One Well-Designed Sentence

I came across a sentence recently that illustrates three very common questions about grammar and punctuation. It comes from Lois Lowry’s acclaimed 1993 novel, The Giver, and as you read it, note first how the sentence toggles back and forth between asserting a thought and merely suggesting one. Try to see, that is, the compositional pattern of a clause followed by a phrase three times, with a fourth clause concluding the entire statement. Here’s the sentence: He listened politely, though not very attentively, while his father took his turn, describing a feeling of worry that he’d had that day at work: a concern about one of the new children who wasn’t doing well. (Houghton Mifflin Harcourt, 2014)

Those thirty-nine words put the author at risk of writing quite an unshapely jumble, but the compositional structure she found holds its many ideas together nicely and brings the reader safely through a stormy scene. The first three words comprise an independent clause (a group of words with a subject and verb), and this makes up the only complete thought in the sentence. There follows what is called a parenthetical statement, the phrase though not very attentively, and this part of the pattern enlarges the previous assertion by telling us more precisely just how the subject listened, namely, not very attentively. Parenthetical statements add commentary to something already said, but what they add is not considered essential to the grammatical structure of the sentence. In the technical terms of grammar, they constitute a nonrestrictive modifier, and as such they are always set off by commas—a pair of commas unless at the end of a sentence, where the period will supersede the second comma. Beware that it is a common mistake to write only one comma of the pair. Parenthetical statements may also be punctuated with parentheses or even dashes, but these choices each require special circumstances of their own.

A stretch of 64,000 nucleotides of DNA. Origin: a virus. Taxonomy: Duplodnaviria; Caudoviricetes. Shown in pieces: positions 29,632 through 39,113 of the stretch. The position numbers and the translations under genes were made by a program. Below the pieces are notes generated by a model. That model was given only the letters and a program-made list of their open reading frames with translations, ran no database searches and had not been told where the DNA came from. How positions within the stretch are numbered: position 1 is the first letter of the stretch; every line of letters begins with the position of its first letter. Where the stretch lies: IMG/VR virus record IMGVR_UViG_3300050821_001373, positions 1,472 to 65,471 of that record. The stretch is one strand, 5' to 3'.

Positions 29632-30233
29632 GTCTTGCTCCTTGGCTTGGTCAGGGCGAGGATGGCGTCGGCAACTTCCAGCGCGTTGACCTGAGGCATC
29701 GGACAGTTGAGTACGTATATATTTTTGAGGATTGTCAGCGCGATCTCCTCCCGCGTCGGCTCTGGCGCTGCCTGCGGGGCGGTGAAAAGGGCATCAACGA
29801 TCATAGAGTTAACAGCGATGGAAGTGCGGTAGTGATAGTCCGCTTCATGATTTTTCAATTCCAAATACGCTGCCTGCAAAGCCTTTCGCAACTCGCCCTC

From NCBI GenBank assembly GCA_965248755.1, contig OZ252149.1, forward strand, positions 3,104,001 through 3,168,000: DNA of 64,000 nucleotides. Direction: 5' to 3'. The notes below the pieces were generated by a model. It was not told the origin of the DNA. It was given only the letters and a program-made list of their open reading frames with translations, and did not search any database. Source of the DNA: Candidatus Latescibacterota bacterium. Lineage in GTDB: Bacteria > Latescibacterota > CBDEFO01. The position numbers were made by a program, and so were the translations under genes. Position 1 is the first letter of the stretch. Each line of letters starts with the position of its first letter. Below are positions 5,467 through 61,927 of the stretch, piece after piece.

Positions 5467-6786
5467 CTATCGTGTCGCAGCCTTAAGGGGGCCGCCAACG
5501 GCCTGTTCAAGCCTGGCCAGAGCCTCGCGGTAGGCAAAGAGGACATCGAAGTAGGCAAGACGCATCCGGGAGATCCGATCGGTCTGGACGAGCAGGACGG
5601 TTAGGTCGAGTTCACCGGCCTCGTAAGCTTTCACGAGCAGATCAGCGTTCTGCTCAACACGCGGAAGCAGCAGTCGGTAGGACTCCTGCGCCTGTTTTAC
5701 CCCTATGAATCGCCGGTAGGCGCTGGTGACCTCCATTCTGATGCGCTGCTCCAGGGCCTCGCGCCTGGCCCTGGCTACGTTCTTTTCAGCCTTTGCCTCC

This first clause and phrase combination form the compositional pattern that will recur two more times in the sentence, next in the subordinate clause while his father took his turn followed by the participial phrase describing a feeling of worry, and finally with the relative clause that he’d had that day at work followed by the phrase a concern about one of the new children. The sentence ends with the beginning of a fourth instance of the pattern, the relative clause who wasn’t doing well. If we concentrate now on the second half of the sentence, we can observe two more points of good writing.

The first has to do with the use of the colon. Here, the colon appears between the clause and phrase that make up the third instance of the pattern: that he’d had that day at work: a concern about one of the new children. A colon is used most often to exemplify or specify something that has been said earlier. It is a stronger punctuation mark than the common comma, and so it brings some added attentive energy to the statement being made. This section of the pattern begins with the relative pronoun that, whose antecedent is the noun worry in the phrase immediately before it. We can worry about many things, and so the writer has specified the particular worry with which the subject of the sentence was concerned by presenting it swiftly after a colon, the better to suggest how powerful the worry was.

The other point to observe in this second half of the sentence is the number of the verb in the final clause, who wasn’t doing well. Verbs may be either singular or plural in form, and which of the two forms they assume depends upon the number of the subject—not the number of any other noun that may stand between the subject and its verb. Here, the antecedent of the relative pronoun who is the singular pronoun one, not the plural noun children: one of the children was not doing well, not all of the children, and so the verb should be singular, as it is, to accord with that singular subject.

Lowry’s fine sentence illustrates how integral structure and punctuation are to the meaning conveyed. After we’ve written our first draft, we can analyze what we’ve written to better its shape and force. But it is important to remember that an analysis like the one we’ve just accomplished follows the moment of creation, and serves us best when it makes us conscious of how sentences work, so that our writing mind can in the act of writing find a place for all it discovers.



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